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The following command installs the Axway Flow SDK.

Code Block
languagebash
npm install -g axway-flow-sdk

...

The following generates a new flow-node starter project in the current directory. You can customize the starter project to meet your requirements.

Code Block
languagebash
axway-flow -n <node name>
cd <node name>
npm install
npm run build

...

Create the project

Code Block
languagebash
axway-flow -n encodeuri -d “URI encoder.”
cd nodehandler-encodeuri
npm install
npm run build

Customize the flow-node definition in the index.js file

Code Block
languagejs
collapsetrue
const sdk = require('axway-flow-sdk');
const action = require('./action');

const flownodes = sdk.init(module);

flownodes
    .add('encodeuri', {
        name: 'Encode URI',
        icon: 'icon.svg',
        description: 'URI encoder.',
        category: 'utils'
    })
    .method('encode', {
        name: 'Encode URI',
        description: 'Encodes a URI by replacing each instance of certain characters with UTF-8 encodings.'
    })
    .parameter('uri', {
        description: 'The URI to encode.',
        type: 'string'
    })
    .output('next', {
        name: 'Next',
        description: 'The URI was encoded successfully.',
        context: '$.encodedURI',
        schema: {
            type: 'string'
        }
    })
    .action(action);
exports = module.exports = flownodes;

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  1. Describe the flow-node, name, description, category, and icon:

    Code Block
    languagejs
    .add('encodeuri', {
            name: 'Encode URI',
            icon: 'icon.svg',
            description: 'URI encoder.',
            category: 'utils'
    })

    The name is the text that is displayed in the Flow Editor. The default icon is a placeholder (a star) that should be replaced with a graphic that represents the action of the flow-node. The icon is displayed at 28 pixels x 28 pixels. The category is the section in the Flow Editor tool panel where the flow-node is contained.

  2. Add a method to the flow-node and describe its parameters:

    Code Block
    languagejs
    .method('encode', {
            name: 'Encode URI',
            description: 'Encodes a URI by replacing each instance of certain characters with UTF-8 encodings.'
        })
        .parameter('uri', {
            description: 'The URI to encode.',
            type: 'string'
    })

    A method called encode, that is displayed in the Flow Editor as Encode URI, was added. The encode method has a single parameter. If there was more than one parameter, we would repeat the .parameter(name, schema) block. The second value in the parameter method is a JSON Schema that describes the parameter type.

  3. Describe the possible outputs from the method:

    Code Block
    languagejs
    .output('next', {
        name: 'Next',
        description: 'The URI was encoded successfully.',
        context: '$.encodedURI',
        schema: {
            type: 'string'
        }
    })

    The outputs section defines the possible outcomes of the flow-node. In this simple case there is just one output; however, flow-nodes can have multiple outputs with different return types. For example, this flow-node could have added an error output to indicate that encoding failed.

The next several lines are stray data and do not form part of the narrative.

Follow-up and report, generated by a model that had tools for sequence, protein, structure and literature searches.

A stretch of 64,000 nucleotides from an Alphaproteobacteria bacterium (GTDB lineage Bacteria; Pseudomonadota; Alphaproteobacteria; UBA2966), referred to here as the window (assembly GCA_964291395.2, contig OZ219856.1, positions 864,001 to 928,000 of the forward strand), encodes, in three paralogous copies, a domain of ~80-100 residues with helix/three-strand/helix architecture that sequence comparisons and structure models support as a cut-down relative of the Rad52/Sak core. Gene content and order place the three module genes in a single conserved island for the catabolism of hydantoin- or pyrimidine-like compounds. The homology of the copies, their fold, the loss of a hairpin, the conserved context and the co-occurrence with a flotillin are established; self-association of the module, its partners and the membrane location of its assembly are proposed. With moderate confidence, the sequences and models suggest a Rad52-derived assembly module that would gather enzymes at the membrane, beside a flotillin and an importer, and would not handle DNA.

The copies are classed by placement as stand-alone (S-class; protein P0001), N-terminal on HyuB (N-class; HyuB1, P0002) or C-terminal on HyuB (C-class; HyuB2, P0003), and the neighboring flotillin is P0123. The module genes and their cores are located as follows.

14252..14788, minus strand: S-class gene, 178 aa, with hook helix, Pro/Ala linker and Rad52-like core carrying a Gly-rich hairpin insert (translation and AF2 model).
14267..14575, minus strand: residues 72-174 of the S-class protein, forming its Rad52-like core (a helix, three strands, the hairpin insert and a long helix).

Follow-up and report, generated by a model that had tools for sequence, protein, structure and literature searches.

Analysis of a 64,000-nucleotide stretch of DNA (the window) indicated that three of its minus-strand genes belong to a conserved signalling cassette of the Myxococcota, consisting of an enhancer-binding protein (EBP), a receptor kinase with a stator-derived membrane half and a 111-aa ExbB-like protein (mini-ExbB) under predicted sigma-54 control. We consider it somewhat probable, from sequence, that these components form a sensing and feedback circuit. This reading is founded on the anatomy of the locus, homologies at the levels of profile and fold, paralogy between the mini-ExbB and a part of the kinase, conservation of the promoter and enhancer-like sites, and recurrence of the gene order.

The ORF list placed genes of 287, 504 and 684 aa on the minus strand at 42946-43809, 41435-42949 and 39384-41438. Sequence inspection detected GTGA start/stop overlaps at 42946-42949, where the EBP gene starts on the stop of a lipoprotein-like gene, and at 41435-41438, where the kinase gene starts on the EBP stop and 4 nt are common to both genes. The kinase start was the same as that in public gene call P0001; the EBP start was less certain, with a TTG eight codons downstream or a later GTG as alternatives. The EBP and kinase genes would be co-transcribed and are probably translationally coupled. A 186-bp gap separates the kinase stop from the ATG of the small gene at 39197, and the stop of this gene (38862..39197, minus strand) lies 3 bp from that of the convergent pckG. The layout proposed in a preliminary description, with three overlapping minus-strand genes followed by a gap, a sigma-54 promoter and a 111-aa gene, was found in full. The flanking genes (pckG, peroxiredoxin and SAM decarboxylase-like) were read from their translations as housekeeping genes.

4. Define the implementation:

    Code Block
    languagejs
    .action(action);

    The action() expects a function that will be passed the request details parameter and a callback object parameter.

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To simplify the management of the code, the starter project puts the implementation of the methods in the action.js file. There is not a requirement to follow this pattern, you can structure your project how best suits your needs.

Code Block
languagejs
exports = module.exports = function (req, cb) {
        const uri = req.params.uri;
        if (!uri) {
                return cb('invalid argument');
        }
        cb.next(null, encodeURI(uri));
};

This is a simple scenario, but it highlights the main features. The parameters for the flow-node method are accessed under the req.params parameter. In this example, the parameter for the encode method is defined as uri:

Code Block
languagejs
    .parameter('uri', {
        description: 'The URI to encode.',
        type: 'string'
    })

The logic checks that the parameter is set. If uri is not set, it fires a generic error callback.

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languagejs
return cb('invalid argument');

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This example uses mocha to check that the specification is defined well enough to pass the uri argument to the method. It also mocks the callback using the defined output of the specification and ensures that the method invokes the correct callback.

Code Block
languagejs
    it('[TEST-2] should succeed', () => {
        return mocknode(specs).node('encodeuri')
            .invoke('encode', { uri: 'some string' })
            .then((data) => {
                expect(data).to.deep.equal({